Dodgy Digital Publishers – Sorry if this offends, but seriously, I’ve heard more negative stories about epublishers than positive. This might not be fair and I’m sure there are legitimate ones out there. But every time scandal hits an epublisher – be it ripping off authors, or failing to open after bombarding the internet with advance PR crap and non-answers about royalties – my scepticism raises yet another notch.

To conclude: I would love to go digital. Truly. I’d save so much space. Under the current conditions, however, I’m at a loss to see why I should – or why anyone would want to.

What say you?

Some Recent Blog Posts on Ebooks, Quartet Press sinking before it swam, and Digital Publishing in General:
Jane at Dear Author - Long Live the Content


Edie September 13, 2009 at 18:32

:O A Sarah rant! :O

Sarah September 13, 2009 at 18:33

@Edie Ah, but does it contain enough snark for you? :D

Edie September 13, 2009 at 18:35

I think it does! ;) Will have to come back with my pro-digital thoughts later, after I have had some sleep.

Sarah September 13, 2009 at 18:36

@Edie I look forward to them!

M September 13, 2009 at 18:46

I’m not in the US as well, so I face similar restrictions when I want to buy books.

But I’ve been reading ebooks for several years, on my laptop more often than not.

Having said that, I think I gain more utility from reading ebooks than most do, as it is simply impossible to move every year with print books.

I think if you don’t insist on getting a dedicated device (which I’m frankly against because if I’m really going to get one, I’m going to wait until the market’s established), then you are better off.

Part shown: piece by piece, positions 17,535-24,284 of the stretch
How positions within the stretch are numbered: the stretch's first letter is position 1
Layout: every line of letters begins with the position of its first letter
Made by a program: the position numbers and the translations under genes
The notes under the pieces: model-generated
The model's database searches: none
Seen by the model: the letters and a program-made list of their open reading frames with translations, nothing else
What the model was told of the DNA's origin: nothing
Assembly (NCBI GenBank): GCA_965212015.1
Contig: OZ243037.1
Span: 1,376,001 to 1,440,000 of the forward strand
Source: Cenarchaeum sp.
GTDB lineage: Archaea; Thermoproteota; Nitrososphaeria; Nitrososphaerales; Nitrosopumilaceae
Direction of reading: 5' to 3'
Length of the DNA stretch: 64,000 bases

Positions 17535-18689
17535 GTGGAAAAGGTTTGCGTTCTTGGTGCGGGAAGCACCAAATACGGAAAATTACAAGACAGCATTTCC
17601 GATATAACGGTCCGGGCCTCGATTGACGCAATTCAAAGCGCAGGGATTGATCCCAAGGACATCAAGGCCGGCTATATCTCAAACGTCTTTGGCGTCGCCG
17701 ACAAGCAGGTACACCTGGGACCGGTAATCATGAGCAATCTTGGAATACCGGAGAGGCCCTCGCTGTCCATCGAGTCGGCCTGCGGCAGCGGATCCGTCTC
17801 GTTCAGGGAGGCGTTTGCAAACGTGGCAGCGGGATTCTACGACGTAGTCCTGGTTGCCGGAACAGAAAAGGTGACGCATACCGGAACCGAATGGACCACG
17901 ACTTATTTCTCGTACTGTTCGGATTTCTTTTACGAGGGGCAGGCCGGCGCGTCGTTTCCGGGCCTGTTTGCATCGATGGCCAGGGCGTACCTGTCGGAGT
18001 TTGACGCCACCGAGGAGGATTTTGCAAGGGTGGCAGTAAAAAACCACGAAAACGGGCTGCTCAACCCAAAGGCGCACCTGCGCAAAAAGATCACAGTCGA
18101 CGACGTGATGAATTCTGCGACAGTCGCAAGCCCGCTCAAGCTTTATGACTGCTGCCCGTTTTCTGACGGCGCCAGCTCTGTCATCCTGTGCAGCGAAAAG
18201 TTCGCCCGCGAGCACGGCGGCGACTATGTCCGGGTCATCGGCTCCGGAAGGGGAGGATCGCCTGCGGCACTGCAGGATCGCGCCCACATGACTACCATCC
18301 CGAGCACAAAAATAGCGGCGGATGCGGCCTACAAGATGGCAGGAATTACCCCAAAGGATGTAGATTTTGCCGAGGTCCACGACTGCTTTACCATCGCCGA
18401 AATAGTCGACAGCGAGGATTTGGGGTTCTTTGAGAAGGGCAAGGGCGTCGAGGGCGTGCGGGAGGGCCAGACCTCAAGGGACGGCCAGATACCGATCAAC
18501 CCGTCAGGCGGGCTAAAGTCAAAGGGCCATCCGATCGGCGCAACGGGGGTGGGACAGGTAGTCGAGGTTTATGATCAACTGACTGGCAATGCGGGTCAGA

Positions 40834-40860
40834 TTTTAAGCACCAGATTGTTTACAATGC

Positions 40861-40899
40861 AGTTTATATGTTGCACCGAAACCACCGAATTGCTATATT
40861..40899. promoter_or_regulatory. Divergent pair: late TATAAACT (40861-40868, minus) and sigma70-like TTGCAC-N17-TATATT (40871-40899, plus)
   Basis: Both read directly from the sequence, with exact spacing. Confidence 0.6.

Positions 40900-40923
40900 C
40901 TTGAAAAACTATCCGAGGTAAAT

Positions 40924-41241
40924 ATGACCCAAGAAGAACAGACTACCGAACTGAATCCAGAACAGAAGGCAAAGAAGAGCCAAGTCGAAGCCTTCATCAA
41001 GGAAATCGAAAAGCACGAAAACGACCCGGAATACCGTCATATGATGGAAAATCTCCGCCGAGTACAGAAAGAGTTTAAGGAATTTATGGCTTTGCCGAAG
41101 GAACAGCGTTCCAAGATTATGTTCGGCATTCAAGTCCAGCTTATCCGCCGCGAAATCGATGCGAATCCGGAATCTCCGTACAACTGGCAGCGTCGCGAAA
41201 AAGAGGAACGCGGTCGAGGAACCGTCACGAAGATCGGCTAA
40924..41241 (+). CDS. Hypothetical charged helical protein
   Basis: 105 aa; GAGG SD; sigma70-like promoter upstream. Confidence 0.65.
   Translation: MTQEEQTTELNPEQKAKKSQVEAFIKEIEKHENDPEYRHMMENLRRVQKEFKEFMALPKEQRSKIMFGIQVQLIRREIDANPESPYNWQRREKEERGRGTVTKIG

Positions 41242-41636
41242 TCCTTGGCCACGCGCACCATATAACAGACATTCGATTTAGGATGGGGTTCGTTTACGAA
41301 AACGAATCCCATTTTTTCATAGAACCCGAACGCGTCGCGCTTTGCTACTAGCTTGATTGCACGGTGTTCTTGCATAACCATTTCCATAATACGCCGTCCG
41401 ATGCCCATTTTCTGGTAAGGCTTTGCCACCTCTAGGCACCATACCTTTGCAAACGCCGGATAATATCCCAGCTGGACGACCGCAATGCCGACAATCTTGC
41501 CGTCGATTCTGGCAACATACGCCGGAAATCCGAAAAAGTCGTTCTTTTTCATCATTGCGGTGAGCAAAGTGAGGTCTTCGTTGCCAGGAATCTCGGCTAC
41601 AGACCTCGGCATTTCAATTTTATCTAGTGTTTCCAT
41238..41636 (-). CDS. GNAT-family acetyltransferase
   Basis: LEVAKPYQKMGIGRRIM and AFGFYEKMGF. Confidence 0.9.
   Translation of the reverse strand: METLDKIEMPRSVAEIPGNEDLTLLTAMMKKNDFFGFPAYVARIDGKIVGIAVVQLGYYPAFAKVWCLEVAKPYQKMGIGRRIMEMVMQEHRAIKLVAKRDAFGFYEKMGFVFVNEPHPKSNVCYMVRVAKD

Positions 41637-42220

You have a choice of formats, which makes the DRM issue somewhat less onerous — on that note, I currently prefer eReader vs Mobipocket.

As for geographic restrictions, well, the Kindle is only available Stateside, and the Sony reader…well, you’ve just listed its flaws on that regard — I haven’t tried talking to the Sony people in Singapore, though I’ve seen the display sets.

Dodgy digital publishers…I generally assume that the newbies on the block are dodgy, and I’ve seen very few that have proved otherwise.

Maili September 13, 2009 at 18:47

Not all publishers produce DRM-locked books and not all of them impose geographical restrictions. Such as native ebook publishers and a selection of mainstream publishers. There are enough ebooks that interest me to go digital.

Geographical Restrictions –
It had to be said: that’s your country’s problem, not the origin country of a book. For example, if Author B has a book out, a publisher from your country ideally will buy a right to publish Author B’s book in your country. The said publisher can – if there’s an agreement within that right – publish the digital version of Author B’s book, which you can purchase. If the publisher won’t, then you can’t. There’s a lot of unfairness involved, but that’s how it is.

Dodgy Digital Publishers –
“seriously, I’ve heard more negative stories about epublishers than positive”
There are similar horror stories in mainstream publishing, but we don’t get to hear about it much. Now and then, over years, an author will spill the beans about, for instance, delayed royalties.
Examples (off my head) over years: Brava, Leisure, Lovespell, Tor, Harlequin/M&B (for a long time during 1980s(?), they didn’t bother to register copyrights of their category romances), Loveline, and I think, Signet.